Empowering Diversity: Why Leaders Need to Own “Inclusion”
DEIDiversityDiversity, Equity, and Inclusion Advisory
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March 29, 2018
DEIDiversityDiversity, Equity, and Inclusion Advisory
To be an inclusive leaders, executive should be vocal and empower others to have a voice and remove process bias from talent attraction, development and retention.
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USA Today

The article, “Empowering Diversity: Why Leaders Need to Own 'Inclusion,'” was co-written by Russell Reynolds Associates Consultants Amy Hayes and Jamie Hechinger and published in USA Today’s insert on Diversity and Inclusion. The piece shared insights on how to be an inclusive leader. 

Many companies understand "diversity" but struggle to grasp "inclusion" in concrete terms. Corporate talent strategies tend to overemphasize the pipeline as being the barrier and underestimate how culture can catalyze (or deter) the recruitment and retention of a more diverse workforce. Furthermore, inclusive cultures are not just actualized by corporate policy, but also by open, empathetic, empowering leaders who enable a sense of "belonging" among groups and individuals, thereby creating opportunities for all employees to realize their unique contribution. 

Diversity is a seat at the table. Inclusion is an invitation to have a voice at that table. 

Diversity and Inclusion (D&I) is a business imperative. Inclusive leaders are critical to companies that plan to stay relevant and resilient. Our research shows that employees at companies whose leaders champion inclusion and diversity are 25% more engaged, 47% more creative and 43% more likely to stay in their roles.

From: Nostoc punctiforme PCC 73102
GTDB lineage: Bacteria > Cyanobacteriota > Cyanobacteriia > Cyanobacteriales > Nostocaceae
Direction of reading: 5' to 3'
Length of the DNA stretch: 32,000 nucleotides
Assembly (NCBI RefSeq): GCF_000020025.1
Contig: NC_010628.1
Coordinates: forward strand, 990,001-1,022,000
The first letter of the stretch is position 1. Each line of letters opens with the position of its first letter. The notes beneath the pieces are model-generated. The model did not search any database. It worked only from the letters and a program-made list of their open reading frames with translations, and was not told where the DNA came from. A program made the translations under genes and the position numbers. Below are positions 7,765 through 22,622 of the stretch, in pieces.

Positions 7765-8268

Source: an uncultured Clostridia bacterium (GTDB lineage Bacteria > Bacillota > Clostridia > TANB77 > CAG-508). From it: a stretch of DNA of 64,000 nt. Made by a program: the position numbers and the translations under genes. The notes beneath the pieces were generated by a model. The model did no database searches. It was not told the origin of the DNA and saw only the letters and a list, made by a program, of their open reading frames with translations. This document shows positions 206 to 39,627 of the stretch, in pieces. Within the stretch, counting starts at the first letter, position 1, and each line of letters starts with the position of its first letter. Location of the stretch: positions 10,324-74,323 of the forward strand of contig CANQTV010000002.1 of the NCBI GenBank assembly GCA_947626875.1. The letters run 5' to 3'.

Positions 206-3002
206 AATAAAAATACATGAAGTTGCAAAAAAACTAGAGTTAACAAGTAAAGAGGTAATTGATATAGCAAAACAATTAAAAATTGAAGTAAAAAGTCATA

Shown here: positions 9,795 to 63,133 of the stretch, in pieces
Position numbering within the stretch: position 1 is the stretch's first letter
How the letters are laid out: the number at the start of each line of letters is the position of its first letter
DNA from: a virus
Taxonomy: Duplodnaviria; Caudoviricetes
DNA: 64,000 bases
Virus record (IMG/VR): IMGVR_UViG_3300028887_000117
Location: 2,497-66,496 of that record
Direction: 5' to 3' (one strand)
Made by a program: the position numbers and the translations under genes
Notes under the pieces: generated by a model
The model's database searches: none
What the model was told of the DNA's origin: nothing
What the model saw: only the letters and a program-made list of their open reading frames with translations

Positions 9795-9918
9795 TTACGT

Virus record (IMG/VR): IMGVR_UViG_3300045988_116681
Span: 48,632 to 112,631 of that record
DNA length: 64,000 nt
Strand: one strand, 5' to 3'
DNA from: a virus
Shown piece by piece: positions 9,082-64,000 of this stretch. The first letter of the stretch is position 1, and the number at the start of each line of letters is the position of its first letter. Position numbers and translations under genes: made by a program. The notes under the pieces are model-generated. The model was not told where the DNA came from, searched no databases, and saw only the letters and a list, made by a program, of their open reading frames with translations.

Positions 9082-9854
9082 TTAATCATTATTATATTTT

How can you become an inclusive leader? 

Be vocal (and empower others to have a voice). 

Communicate commitment to D&I, and D&I goals, internally and externally 
Ensure that diverse talent has a voice 
Model inclusive behavior 
Ensure that diverse perspectives reach the top—every single time 

Act (and empower others to act). 

Remove process bias from talent attraction, development and retention (e.g., establish diverse hiring panels) 
Create leadership development opportunities for underrepresented groups 
Ensure that the CEO, board and senior leadership have an unbiased view of the barriers to an effective D&I strategy 

Stay honest (and keep others honest). 

Diagnose the company's level of diversity and inclusion to identify areas of weakness 
Have an appetite for honest feedback—everything from exit interviews to informal observations 
Develop an inclusive definition of talent and ensure that decisions driven by "culture fit" are not an excuse, conscious or not, to turn away diverse individuals 
Track D&I metrics and embed D&I objectives into business plans 
Be authentic and empower others to be the same 

The journey toward an actualized D&I strategy can begin only once an organization participates in honest self-reflection and commitment to change. Inclusive leaders have the potential to catalyze culture change that delivers the many benefits diversity has to offer, but they cannot do it alone.  

Ideally, inclusive leadership is expected, incentivized and relentlessly practiced by the CEO, the boardroom and throughout an institution. Human resources departments can facilitate, educate and support efforts toward a more inclusive leadership and culture, but ultimately it is up to human capital up, down and across the organization to live the values every day—even when it is uncomfortable or inconvenient. Beyond mere "tolerance," this extends to inviting individuals to bring their authentic selves, voices and expertise to all they do. Embracing D&I cannot guarantee success, but ignoring or obstructing it is guaranteed not only to threaten a company's recruitment and retention, but also its ultimate relevance and resiliency. 

The article can be found originally here.